Slice 2 onions thinly and place these in the bottom of the crock pot with 4 cloves of garlic - peeled, but no need to chop or crush. Mix 4 tbsp tomato purée with a little water and rub the paste all over the pork. I used a simple pork fillet, trimmed of any excess fat. Put the pork on top of the onions in the crock pot and then pour over a tin of chopped tomatoes. Finally, sit a little star anise on the top.

Cook the pork on LOW for about 8 - 10 hours - this is a perfect meal if you're out at work for the full day. Lift the pork out of the pot and shred it using two forks - this will be really easy. Then put it back into the sauce, star anise removed, and stir to get the meat covered. Serve with whatever you like - rice, potato or flour tortillas.

The Result

This is so easy and so delicious. The pork is tender and melt-in-the-mouth. It's real comfort food. We had it with plenty of mashed potato and both children really enjoyed it. There was plenty for a family of 4 hungry people, with a little bit leftover for hubby to take for lunch during the week.

The Verdict

Absolutely no complaints from anybody. Mr Teenager left behind a few of the more obvious lumps of tomato, but otherwise we had 4 clean plates.

Chickpeas and Beetroot Hummus

Miss South's book Slow Cooked (as mentioned in my last post) is rapidly becoming a favourite in my house. I really like the no fuss approach to using the slow cooker and there has been very little preparation for the dishes so far.

I was intrigued to find out that I could cook chick peas in the crockpot. I've done it twice now. It's incredibly easy and could be done overnight or on a day when you're just not using the slow cooker. Basically, put 200g of dried chickpeas in the pot, add 500ml of boiling water, and leave it cooking on HIGH for 8 hours.

The chickpeas are not coming out as plump as I was expecting, but they have a lovely firm texture, unlike the slightly mushy ones that come in a tin. In the last hour, they do tend to start sticking to the side of the pot, but are not exactly burnt - more caramelised.

They make a wonderful hummus! I've made the hummus from Miss South's book and it is deliciously chunky, lemony and garlicky. I tried taking it to work for lunch but I completely stunk out my office and couldn't talk to anyone for the whole afternoon. So, probably safer to share with a loved one in the privacy of your own home.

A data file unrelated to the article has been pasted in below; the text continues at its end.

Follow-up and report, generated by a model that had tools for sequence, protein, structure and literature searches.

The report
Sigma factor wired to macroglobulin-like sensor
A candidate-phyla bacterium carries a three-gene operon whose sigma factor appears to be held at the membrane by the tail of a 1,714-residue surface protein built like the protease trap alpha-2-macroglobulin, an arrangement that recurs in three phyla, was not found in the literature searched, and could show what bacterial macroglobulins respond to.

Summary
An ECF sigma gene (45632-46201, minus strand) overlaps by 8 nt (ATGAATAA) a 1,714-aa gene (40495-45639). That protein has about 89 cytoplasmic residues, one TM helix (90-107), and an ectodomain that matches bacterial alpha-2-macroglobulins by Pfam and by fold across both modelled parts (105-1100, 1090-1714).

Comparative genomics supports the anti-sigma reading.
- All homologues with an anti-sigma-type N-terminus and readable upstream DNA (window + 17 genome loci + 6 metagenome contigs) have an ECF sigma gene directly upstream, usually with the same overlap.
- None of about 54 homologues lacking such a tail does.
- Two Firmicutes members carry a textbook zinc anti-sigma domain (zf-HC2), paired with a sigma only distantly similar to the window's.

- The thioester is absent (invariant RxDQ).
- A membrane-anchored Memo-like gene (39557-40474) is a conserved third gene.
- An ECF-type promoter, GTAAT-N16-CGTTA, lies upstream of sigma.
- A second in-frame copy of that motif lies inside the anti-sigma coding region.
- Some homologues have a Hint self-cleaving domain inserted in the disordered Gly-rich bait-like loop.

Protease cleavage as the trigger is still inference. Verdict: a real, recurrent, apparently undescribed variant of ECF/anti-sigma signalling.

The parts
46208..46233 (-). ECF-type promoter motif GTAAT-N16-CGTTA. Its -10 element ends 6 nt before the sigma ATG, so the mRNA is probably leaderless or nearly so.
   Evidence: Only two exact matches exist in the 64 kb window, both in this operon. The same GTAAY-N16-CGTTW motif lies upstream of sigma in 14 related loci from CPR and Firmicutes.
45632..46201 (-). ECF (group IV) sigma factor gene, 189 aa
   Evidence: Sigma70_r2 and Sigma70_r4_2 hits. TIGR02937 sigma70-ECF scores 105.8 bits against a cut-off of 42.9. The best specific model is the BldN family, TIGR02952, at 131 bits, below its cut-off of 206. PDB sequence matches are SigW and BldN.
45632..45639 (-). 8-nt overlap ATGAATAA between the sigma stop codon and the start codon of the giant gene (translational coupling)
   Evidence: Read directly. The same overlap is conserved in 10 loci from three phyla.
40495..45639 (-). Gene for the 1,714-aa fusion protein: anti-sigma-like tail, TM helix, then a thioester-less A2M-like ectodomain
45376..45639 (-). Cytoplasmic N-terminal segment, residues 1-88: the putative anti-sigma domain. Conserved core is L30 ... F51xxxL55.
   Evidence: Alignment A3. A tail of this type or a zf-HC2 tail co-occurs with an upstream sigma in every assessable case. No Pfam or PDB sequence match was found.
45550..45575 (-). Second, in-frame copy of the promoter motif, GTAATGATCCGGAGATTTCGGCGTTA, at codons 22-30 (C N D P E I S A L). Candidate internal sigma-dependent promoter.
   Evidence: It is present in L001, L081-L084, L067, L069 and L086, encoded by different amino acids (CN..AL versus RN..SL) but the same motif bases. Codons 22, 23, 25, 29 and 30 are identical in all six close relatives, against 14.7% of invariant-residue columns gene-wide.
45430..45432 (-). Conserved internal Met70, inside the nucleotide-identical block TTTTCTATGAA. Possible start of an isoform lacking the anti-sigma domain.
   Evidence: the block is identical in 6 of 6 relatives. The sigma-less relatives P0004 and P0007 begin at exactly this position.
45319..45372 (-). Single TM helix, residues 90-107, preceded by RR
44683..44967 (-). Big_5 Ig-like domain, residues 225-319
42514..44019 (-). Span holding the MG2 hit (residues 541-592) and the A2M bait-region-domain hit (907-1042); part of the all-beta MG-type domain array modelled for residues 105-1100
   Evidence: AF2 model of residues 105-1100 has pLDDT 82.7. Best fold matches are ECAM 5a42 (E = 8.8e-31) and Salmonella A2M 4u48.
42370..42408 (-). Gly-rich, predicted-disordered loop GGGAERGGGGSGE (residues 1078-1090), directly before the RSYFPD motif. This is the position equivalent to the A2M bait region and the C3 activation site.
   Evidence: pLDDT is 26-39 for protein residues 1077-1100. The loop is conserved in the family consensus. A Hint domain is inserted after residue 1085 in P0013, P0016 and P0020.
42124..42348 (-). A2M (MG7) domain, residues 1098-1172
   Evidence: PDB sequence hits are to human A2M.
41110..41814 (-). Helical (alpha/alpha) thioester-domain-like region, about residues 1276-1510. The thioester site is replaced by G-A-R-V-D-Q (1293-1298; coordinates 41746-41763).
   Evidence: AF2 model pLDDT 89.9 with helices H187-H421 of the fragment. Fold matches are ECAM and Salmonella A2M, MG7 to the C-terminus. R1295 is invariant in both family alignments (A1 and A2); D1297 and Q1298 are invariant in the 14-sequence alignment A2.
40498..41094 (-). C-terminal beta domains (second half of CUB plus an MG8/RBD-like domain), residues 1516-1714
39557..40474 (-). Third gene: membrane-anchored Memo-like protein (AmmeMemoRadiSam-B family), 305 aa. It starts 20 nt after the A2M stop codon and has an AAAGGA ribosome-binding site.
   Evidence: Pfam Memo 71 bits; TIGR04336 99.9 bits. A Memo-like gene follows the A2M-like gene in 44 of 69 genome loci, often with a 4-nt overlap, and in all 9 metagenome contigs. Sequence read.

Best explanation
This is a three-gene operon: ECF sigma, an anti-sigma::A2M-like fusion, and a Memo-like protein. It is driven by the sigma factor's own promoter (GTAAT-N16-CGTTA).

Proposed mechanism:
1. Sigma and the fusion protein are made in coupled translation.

I cooked another batch yesterday and intend to make a Beetroot Hummus with it - suitable for a packed lunch at work. The ingredients aren't exact - basically blend up the cooked beetroot and chickpeas in a blender, add some lemon juice and fresh coriander or mint. Spice up with some fresh chilli. You can thin it out with a little plain yoghurt, if you like. This keeps perfectly well in the fridge for a couple of days.

Wednesday, 4 February 2015

Balsamic beetroot

I haven't posted recently, but that's not because we haven't been using the slow cooker! On the contrary, we have used it probably at least twice a week since New Year. We've just been revisiting some recipes. The Best Whole Chicken has now been declared Ms Fussy Eater's favourite meal - to the extent that she requested it (with chips) for her birthday meal recently. We also return frequently to the chilli recipe, as well as Mexican Pork and also Pork and Pepper ragu.

But it's time to start experimenting again. On Sunday I was browsing in Eason and I came across a new recipe book called Slow Cooked by Miss South (who also has a food blog). I leafed through it, wondering whether to purchase or not. But then I came across this idea for cooking beetroot - and I was sold. 

I adore beetroot, it's definitely one of my favourite vegetables - but not the doused-in-vinegar kind. One of my favourite restaurants in Galway, Ard Bia, often has beetroot on the menu, and I will always go for it. I recently started making a beetroot hummus, which is healthy and tasty. This week, while grocery shopping, I found some fresh, uncooked beetroot, and bought it. I thought I might try roasting it, until I found the new cookery book. Cooking beetroot in the crock pot is a no-brainer. It's perfect for that long, slow cooking, which brings out the sweet flavour of the beetroot. 

Balsamic Beetroot

I used about 500g of uncooked beetroot, stalks removed. It was already well-cleaned and didn't require any scrubbing. I cut the raw beetroot into quarters, with the biggest one cut into 8. This went into the crockpot, and mixed up with 1tsp vegetable oil, 2 tbsp balsamic vinegar and a good shake of dried thyme. 

While hubby and I went out to the cinema, I left the crockpot cooking on HIGH for about 4 hours. 

The Outcome 

When we got back from the cinema, there was a fabulous smell in the kitchen. I had forgotten about the beetroot, so it was lovely to be welcomed back to such an aroma. The beetroot was a beautiful deep red colour and it looked just gorgeous sitting at the bottom of the crockpot. I scooped the chunks out of the pot and let it cool a little before putting it in the fridge in a Tupperware container. Of course, I had to try a chunk, and it was just perfect. 

The Verdict

To be honest, I am really the only person in the house who appreciates this. Hubby could take it or leave it, while Ms Fussy Eater and Mr Teenager will actively avoid beetroot. All the more for me!

I took some slices today, with some homemade oat bread, for my lunch at work. What a treat! I might use some to make hummus, before the end of the week, but then again it might not last that long.